Many of us have gone through a breakup, whether we’ve had our heart broken, or we were the ones to end the relationship. Shortly after the pain, the tears, and anger, we hear, “but let’s be friends” to soften the wounds of a doomed romance. But, should we stay friends with our ex?
Science says it depends on our motives.
A recent study presented at the American Psychological Association’s annual meeting in Washington, D.C., found four reasons why a person remains friends with an ex-romantic partner which predict whether the friendship will be linked to positive feelings (made a person feel secure and happy), or negative feelings (made a person feel depressed, jealous, or broken-hearted).
The first reason is security; this could mean a person stays friends with an ex because he or she doesn’t want to lose their emotional support, advice, or trust. Unsurprisingly, ex couples may turn to each other to feel good and safe, even in a friendship. Security motivations are tied to positive feelings in a relationship.
Previous research has found some exes choose to stay friends because of these positive emotions. In a 2016 study, participants rated reliability/sentimentality (i.e., “They made me a better person”), as one of the most important reasons to want to stay friends with an ex. The idea an ex can offer continued support while dealing with the psychological distress of the break-up can be appealing.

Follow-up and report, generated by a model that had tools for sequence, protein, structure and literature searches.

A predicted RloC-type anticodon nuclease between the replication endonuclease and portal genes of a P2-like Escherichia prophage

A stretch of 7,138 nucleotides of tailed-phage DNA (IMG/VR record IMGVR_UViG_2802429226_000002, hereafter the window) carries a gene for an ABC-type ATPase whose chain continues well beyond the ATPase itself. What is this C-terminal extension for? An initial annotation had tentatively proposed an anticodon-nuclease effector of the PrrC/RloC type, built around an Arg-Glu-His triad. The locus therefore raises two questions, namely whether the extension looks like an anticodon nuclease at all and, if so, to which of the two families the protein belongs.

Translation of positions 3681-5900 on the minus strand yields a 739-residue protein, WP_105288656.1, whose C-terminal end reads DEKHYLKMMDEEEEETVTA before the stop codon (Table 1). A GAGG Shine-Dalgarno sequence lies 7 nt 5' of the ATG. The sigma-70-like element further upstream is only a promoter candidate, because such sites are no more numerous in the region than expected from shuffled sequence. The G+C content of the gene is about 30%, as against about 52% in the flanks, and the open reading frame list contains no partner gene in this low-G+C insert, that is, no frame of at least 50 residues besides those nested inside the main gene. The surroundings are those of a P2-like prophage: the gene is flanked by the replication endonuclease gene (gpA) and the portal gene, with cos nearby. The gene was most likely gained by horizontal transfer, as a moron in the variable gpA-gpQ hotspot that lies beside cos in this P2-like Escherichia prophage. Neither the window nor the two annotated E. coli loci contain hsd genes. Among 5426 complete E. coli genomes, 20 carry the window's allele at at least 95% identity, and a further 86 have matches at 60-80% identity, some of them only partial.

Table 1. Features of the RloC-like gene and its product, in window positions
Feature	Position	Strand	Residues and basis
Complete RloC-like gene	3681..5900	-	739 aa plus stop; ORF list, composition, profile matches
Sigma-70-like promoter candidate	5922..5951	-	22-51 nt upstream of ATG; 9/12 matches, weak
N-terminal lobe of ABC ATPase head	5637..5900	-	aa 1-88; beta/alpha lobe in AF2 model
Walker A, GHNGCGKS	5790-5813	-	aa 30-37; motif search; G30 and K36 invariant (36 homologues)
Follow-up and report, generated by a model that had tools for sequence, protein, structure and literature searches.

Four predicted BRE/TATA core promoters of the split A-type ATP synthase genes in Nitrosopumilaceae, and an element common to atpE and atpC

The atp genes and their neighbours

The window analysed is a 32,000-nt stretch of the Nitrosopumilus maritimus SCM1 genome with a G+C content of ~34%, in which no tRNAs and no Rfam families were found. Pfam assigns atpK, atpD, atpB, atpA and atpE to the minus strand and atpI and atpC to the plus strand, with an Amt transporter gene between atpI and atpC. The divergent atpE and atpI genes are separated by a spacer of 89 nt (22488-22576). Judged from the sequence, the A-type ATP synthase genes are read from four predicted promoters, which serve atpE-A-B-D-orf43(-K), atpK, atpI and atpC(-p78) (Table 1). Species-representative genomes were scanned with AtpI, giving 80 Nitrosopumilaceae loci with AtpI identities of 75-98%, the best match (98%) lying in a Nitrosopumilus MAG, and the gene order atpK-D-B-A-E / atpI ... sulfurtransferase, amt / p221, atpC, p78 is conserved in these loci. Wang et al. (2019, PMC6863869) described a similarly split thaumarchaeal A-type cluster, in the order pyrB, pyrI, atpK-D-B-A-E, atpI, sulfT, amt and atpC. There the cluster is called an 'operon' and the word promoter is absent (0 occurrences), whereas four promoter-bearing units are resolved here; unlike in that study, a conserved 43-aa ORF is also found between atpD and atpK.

Researchers from the University of Kansas found practicality was the second reason exes chose to stay friends. In other words, people stay friends with an ex for pragmatic purposes, whether they benefit from their ex’s money or they have children together. Rebecca Griffith, lead study author and a master’s student in psychology at the University of Kansas, notes friendships formed for practical reasons do usually last long and are associated with positive feelings.
There are exes who do not want to be friends, but they do so to be cordial and considerate of their ex’s feelings. It might be easier for people to be friends that engage in potential confrontation, especially those who have high attachment anxiety, which means they worry their partner will not be available in their time of need. The attachment figure, an ex, can provide comfort and reassurance, which allows distressed people to gain a sense of calmness.
Lastly, and probably the most obvious reason why some people stay friends with an ex: romantic feelings. Unresolved attraction with an ex is associated with negative feelings, but ironically, longer friendships. This means although ex couples are not reaping any benefits from the friendship, they tend to stay in it longer.